Investing in property services firms makes real sense, and LA-based Colony Capital knows it. That’s why this week Tom Barrack’s firm carved out a 60-day exclusivity period with one of the oldest and most recognisable brands in US real estate advisory, Grubb & Ellis.
Colony agreed to an $18 million lifeline loan with the troubled, 5,200 staff, 100 office firm, which has seen its share price tumble 95 percent in the last five years following expensive expansions and a global economic downturn that brought its US stomping ground to its knees.
For the next two months, Colony will weigh the benefits of meeting Grubb & Ellis’ liabilities (and there are a few) with improving market fundamentals (such as increasing transactions, liquidity and rents). Should it determine to make a “larger strategic investment”, we could see a competitive tender for the following 25 days, during which time rival bidders can lodge competitive offers.
The fact Colony would invest via its funds rather than corporately shows that it sees Grubb & Ellis as a turnaround opportunity, and that is a good stance. There’s real potential for expanding Grubb & Ellis’ share price from its current lowly position of 77 cents and, judging by all the hedge fund activity in the firm’s stock this past week, others believe that too. A check of Grubb & Ellis’ SEC filings shows Cohanzick Management, Zazove Associates, Pine River Capital Management and Stonerise Capital Management have each found themselves declaring ownership positions of more than 5 percent, as per the regulatory requirement.
Colony and these hedge funds surely must see the potential for significantly increasing its top line revenue, which had been depressed in recent years as a result of crippled deal volumes. Jones Lang LaSalle, for example, predicted in a recent report that US deal volumes would increase 40 percent to $135 billion, and that sort of positivity is not isolated.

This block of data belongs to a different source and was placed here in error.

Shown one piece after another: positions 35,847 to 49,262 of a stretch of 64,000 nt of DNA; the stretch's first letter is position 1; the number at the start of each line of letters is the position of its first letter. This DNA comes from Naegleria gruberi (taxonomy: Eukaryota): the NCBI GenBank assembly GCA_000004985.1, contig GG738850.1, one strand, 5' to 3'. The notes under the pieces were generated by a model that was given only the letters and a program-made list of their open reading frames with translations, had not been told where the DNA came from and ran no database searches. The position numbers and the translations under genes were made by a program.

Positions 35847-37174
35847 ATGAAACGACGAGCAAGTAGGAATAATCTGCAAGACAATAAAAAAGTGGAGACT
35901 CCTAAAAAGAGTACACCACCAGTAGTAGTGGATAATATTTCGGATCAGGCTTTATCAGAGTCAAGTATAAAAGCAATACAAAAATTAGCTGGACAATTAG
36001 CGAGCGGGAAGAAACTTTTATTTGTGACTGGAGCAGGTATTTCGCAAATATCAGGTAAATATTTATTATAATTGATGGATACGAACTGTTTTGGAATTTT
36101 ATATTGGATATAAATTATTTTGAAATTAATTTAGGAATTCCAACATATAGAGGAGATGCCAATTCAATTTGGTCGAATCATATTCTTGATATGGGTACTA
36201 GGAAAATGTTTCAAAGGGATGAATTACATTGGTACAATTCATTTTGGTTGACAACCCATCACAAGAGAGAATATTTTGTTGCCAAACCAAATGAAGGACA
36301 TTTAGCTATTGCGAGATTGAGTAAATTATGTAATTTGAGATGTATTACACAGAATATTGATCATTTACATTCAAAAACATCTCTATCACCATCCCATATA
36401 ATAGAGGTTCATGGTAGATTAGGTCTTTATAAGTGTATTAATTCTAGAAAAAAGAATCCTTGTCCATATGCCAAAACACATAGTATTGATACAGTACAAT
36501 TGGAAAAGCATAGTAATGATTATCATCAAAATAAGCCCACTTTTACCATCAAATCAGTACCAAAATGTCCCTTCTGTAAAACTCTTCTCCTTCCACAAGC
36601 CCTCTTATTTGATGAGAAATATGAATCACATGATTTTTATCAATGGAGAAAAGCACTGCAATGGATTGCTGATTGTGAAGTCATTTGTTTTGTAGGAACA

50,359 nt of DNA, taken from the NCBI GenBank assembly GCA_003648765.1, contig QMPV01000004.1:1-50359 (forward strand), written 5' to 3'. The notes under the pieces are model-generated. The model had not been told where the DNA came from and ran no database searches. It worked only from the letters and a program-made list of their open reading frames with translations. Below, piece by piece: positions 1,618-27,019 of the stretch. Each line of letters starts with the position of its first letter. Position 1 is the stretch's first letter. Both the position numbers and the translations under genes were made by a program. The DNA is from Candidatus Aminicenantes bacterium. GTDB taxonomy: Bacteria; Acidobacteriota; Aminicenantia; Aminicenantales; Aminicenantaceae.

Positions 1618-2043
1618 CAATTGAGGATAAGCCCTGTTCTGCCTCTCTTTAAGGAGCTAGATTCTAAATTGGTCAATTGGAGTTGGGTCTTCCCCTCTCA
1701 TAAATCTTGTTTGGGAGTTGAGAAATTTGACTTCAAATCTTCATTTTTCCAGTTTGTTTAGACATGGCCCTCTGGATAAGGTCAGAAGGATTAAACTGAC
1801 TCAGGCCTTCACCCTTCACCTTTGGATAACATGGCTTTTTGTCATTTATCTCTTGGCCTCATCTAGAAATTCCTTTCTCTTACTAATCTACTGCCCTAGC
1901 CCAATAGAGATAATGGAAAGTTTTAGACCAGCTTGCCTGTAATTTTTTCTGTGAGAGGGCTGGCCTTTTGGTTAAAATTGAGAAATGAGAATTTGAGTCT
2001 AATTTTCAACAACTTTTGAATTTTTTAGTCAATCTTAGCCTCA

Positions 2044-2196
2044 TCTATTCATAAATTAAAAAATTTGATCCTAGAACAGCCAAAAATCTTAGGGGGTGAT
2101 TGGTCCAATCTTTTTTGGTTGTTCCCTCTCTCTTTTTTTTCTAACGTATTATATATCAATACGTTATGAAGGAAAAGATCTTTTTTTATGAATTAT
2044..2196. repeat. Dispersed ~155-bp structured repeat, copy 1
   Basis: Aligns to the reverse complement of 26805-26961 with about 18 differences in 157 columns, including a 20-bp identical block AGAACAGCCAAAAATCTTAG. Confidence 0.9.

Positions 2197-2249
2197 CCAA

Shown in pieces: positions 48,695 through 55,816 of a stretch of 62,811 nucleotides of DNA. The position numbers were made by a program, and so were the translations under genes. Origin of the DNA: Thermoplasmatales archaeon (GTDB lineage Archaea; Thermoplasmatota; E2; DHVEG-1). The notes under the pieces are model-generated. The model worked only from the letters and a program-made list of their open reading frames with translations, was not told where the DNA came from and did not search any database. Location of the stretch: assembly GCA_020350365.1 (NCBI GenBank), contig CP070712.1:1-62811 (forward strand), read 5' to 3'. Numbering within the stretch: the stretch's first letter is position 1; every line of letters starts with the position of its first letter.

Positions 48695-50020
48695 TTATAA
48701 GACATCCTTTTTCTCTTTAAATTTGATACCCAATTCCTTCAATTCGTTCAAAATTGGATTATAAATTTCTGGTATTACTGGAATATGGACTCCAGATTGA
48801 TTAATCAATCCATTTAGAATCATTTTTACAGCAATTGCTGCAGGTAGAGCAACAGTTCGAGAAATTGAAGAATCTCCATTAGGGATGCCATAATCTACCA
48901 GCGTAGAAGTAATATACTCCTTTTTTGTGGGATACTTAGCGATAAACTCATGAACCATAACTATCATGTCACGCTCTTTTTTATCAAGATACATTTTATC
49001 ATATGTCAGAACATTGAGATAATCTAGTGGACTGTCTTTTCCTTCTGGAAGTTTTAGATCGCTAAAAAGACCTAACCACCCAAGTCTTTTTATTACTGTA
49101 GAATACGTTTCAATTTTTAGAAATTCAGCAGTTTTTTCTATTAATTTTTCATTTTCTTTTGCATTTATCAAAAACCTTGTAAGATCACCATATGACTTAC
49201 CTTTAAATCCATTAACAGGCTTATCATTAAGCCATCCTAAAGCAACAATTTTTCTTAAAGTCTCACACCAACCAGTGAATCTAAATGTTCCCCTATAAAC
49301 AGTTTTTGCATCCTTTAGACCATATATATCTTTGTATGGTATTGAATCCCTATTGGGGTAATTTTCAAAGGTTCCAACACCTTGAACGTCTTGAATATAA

Grubb & Ellis’ annual report published only yesterday adds further fuel to that fire, revealing annual revenues of $575.5 million, up about 9 percent on 2009, as well as transactional services activity up 36 percent. Better management could see EBITDA look far healthier than the negative $19.6 million too (although this also is showing signs of improvement already – $23.99 million was recorded in 2009).
The other, perhaps obvious, buy point for Grubb & Ellis is its brand. Established in 1958, the firm, led by chief executive and president Thomas D’Arcy, is one of the stalwarts of the sector and has for years punched its weight alongside global rivals Richard Ellis, Jones Lang LaSalle and Cushman & Wakefield in areas such as investment, leasing, capital markets and asset, construction and project management. It also manages REITs, although that accounts for a minority of its revenue.
However, further scouring of Grubb & Ellis’ annual report reveals a potentially off-putting set of company risks. Most importantly, without securing Colony’s $18 million, “it could create substantial doubt about its ability to continue as a going concern,” Grubb & Ellis admitted. Just how far the 12-month loan, which incidentally will earn Colony interest at a rate of 11 percent per year, will meet its various potential liabilities – such as outstanding payments owed from its 2007 merger with real estate advisor NNN Realty Advisors or a lingering lawsuit against it and its ‘tenant-in-common’ affiliate Daymark – remains to be seen. The requirement of further financing seems a decent bet.
Then again, an injection of capital and better management is exactly what firms like Colony Capital are all about. In that respect, this deal is just as much private equity as it is real estate.
For certain, the future of Grubb & Ellis is going to be fascinating and most likely profitable for whomever turns the firm around. Whether that will be Colony or another investor has yet to be determined.